Women’s Equality: 100 Years in the Making

Local female leaders discuss the continued call for equality.


Melody Ripsom

BRIDGES President Ruqaiyah Alaji outside of Olympus Hall on Feb. 26, 2020.

It’s Mar. 3, 1913; live music echoes through Pennsylvania Avenue as a parade of suffragists march from the Capitol demanding liberty for women. The inauguration of President Woodrow Wilson is tomorrow. Seven years later, he’ll sign the amendment granting American women the right to vote.

International Women’s Day is celebrated on Mar. 8, as a global celebration of women’s achievements throughout history and a call for equality. A common misconception is that promoting specific demographics is one-sided and unnecessary.

A century after the 19th amendment’s passing, discrimination, microaggression and stereotyping still affect women’s lives. Women-oriented groups at EvCC provide community, mentorship and lines of communication to address these issues.

This year the American Association for Women in Community Colleges (AAWCC) started its first Washington chapter here at EvCC. The chapter’s president is Dr. Ciera Graham, EvCC’s East County Campus Director.

Dr. Graham described AAWCC as “a personal and professional development organization for women employees.” She said the association provides a “safe-space” for addressing issues that impact women. The group discusses discrimination, microaggression, self-advocation and mentorship among members.

According to Dr. Graham, microaggressions are slights made based on race, gender, sexual orientation or any aspects of one’s identity. Being a female of color, she has dealt with microaggressions based on both her race and gender.

“You’re too assertive,” she said is a comment made towards women, “when we attempt to dominate a conversation, or speak-up or advocate for ourselves.” The problem with that comment, she said, is that it wouldn’t be made towards a male in the same role.

She mentioned how the public views leaders based on gender saying, “we don’t look at a male in a leadership role the same way as a female.” Dr. Graham said that until society views leadership in the exact same way, regardless of gender, these groups are still necessary. “The purpose of these groups is to advance the status of women,” she said, “that’s not something we’ve done as a society,” said Graham.

Dr. Graham advises women dealing with microaggression to find “a tribe,” or support network. “[AAWCC] brings us into the same room and puts us all on an equal, level playing field, so that we can all learn from each other,” she added.

EvCC’s Society of Women Engineers has a similar goal. Kristine Washburn, the club’s advisor, said their objective is to create a community for women in STEM.

Washburn said women in the workforce face hidden-biases, off-handed remarks and unwanted sexual advances. “Just like abolishing slavery didn’t end racism,” she said, “affirmative action didn’t end sexism.” She mentioned her own experience of being solicited for sex by a male colleague while at work.

Washburn brought up that toxic-masculinity isn’t always so overt. Having a community of women can help identify what should and shouldn’t be accepted in a workspace.

Savanna Eickerman
Vice President of WSU’s Association for Women in Communications Julia Smiljanic outside of Whitehorse Hall on Feb. 24, 2020.

The Association for Women in Communications (AWC) at WSU is open to EvCC students as well. The club is designed to link its current and former members through mentorship and networking. “We would be able to reach back and extend our hand and help each other out,” said Julia Smiljanic, the club’s vice-president.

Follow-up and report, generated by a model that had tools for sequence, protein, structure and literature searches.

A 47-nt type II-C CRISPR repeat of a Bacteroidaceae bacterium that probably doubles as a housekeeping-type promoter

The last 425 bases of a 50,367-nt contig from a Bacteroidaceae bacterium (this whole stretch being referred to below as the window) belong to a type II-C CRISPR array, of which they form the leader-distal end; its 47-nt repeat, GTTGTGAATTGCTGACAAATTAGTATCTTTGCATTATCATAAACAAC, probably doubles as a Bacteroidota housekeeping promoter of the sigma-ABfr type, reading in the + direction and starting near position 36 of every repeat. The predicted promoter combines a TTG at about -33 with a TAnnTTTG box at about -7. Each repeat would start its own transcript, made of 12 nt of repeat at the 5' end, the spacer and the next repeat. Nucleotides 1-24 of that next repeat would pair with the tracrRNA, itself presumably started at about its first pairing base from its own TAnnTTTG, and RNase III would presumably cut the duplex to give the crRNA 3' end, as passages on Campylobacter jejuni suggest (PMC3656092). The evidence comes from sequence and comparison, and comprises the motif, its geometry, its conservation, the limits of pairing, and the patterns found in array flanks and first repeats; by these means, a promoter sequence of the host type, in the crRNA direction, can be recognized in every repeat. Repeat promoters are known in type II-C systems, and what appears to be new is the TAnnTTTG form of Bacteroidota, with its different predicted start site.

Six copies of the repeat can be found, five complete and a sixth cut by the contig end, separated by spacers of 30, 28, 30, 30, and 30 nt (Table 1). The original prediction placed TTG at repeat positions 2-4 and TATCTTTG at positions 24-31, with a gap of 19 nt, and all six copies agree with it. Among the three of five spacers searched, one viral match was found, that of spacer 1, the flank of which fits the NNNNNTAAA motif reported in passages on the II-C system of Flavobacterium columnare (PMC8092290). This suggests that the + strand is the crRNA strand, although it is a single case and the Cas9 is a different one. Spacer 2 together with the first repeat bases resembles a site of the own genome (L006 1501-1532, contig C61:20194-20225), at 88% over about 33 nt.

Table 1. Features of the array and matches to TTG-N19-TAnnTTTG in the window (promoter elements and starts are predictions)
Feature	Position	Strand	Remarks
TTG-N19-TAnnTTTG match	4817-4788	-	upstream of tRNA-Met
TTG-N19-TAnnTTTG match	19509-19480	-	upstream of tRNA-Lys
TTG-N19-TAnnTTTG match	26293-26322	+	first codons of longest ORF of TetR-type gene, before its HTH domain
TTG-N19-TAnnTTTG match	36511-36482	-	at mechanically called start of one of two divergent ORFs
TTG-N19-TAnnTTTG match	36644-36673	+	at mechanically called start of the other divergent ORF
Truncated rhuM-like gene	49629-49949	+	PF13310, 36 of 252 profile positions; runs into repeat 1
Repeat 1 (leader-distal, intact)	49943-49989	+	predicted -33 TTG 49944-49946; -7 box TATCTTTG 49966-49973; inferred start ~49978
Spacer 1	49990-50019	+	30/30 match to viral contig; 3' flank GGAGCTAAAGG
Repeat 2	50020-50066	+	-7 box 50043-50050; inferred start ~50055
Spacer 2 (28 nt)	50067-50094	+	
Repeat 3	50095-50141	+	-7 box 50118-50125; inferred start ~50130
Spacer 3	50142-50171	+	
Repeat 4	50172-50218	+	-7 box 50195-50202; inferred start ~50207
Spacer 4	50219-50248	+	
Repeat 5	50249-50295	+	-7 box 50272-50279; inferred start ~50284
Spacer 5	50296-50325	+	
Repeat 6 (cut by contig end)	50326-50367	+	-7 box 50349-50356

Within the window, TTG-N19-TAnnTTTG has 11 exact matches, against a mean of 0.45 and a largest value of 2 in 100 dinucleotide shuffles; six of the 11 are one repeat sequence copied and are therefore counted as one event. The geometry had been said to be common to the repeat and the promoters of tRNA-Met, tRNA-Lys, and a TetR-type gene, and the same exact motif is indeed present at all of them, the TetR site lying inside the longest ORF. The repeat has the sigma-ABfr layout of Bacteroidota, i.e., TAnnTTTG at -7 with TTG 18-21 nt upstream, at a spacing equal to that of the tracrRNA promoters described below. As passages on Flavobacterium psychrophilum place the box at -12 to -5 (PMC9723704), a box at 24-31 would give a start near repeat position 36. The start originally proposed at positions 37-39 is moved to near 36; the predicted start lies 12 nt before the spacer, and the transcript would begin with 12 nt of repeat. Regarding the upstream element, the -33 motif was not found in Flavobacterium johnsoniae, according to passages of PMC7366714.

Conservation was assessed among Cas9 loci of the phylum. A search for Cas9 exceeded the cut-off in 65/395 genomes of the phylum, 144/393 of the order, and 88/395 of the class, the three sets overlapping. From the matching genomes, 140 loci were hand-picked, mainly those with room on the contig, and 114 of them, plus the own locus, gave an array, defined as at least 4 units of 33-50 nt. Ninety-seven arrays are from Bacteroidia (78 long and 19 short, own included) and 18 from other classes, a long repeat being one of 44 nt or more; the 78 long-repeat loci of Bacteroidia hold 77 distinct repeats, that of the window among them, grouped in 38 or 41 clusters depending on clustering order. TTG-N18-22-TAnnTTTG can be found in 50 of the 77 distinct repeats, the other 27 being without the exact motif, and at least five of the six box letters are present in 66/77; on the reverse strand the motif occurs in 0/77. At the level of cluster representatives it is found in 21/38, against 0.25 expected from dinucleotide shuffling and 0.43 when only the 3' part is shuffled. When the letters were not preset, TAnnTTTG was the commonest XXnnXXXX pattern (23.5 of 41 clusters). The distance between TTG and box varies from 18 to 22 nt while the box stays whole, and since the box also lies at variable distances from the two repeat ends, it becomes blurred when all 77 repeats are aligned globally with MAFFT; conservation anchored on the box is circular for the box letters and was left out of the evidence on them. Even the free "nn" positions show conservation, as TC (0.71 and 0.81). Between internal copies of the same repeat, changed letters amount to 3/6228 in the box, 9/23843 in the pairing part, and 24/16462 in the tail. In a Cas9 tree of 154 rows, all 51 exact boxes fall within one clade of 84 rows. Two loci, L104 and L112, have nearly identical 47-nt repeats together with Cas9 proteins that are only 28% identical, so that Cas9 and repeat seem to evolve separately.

Smiljanic said AWC’s goal is to start conversations about issues that women face. “Everyone needs to be involved in those conversations for there to be effective change,” she said. Which is why the club also accepts male students. “Ultimately there’s a role for everyone to play,” she added, “regardless of gender.”

Women-empowerment groups are important because “there’s still so far to go,” Smiljanic said, “it’s just about not being complacent with where we are now.”

As a Muslim woman in the U.S., BRIDGES President Ruqaiyah Alaji said people assume she’s oppressed because she wears a hijab. “I show pride by actually putting myself out there,” she said, “while also choosing to practice my religion and wearing my hijab.” Alaji wants to break those stereotypes. “Not every Muslim woman is oppressed,” she said.

According to Alaji, this assumption is gender-based discrimination because people assume her beliefs are forced on her. “Just the assumption that in my personal religion,” she said, “I’m oppressed as a woman, and that males are not oppressed.”

International student Mirei Maejima has dealt with gender-based insults back in Japan.

She’s been slighted on her intelligence. “You’re a woman,” she said, “so you don’t know anything.”

Maejima is the vice-president of leadership for EvCC’s chapter of Phi Theta Kappa, an international honors society, and a member of its All-Washington Academic Team.

In Japan, everyone’s cellphone makes a shutter noise when capturing a photo. This is because predators would secretly take pictures up women’s skirts.

The sound requirement is just one way that Japan’s culture towards sexual misconduct is evolving. According to Maejima, Japan is cracking down. “Before if [a predator would] take a picture or grab you,” she said, “then you can’t report it.” Now women can report unwanted touching and lingering glances, she said it’s empowering women to speak up.

The 1913 Woman Suffrage Parade catapulted the advancement of women in America. Nowadays, women vote in each election but equality in society is still around the corner. Women-empowerment groups and communities can help bound those hurdles.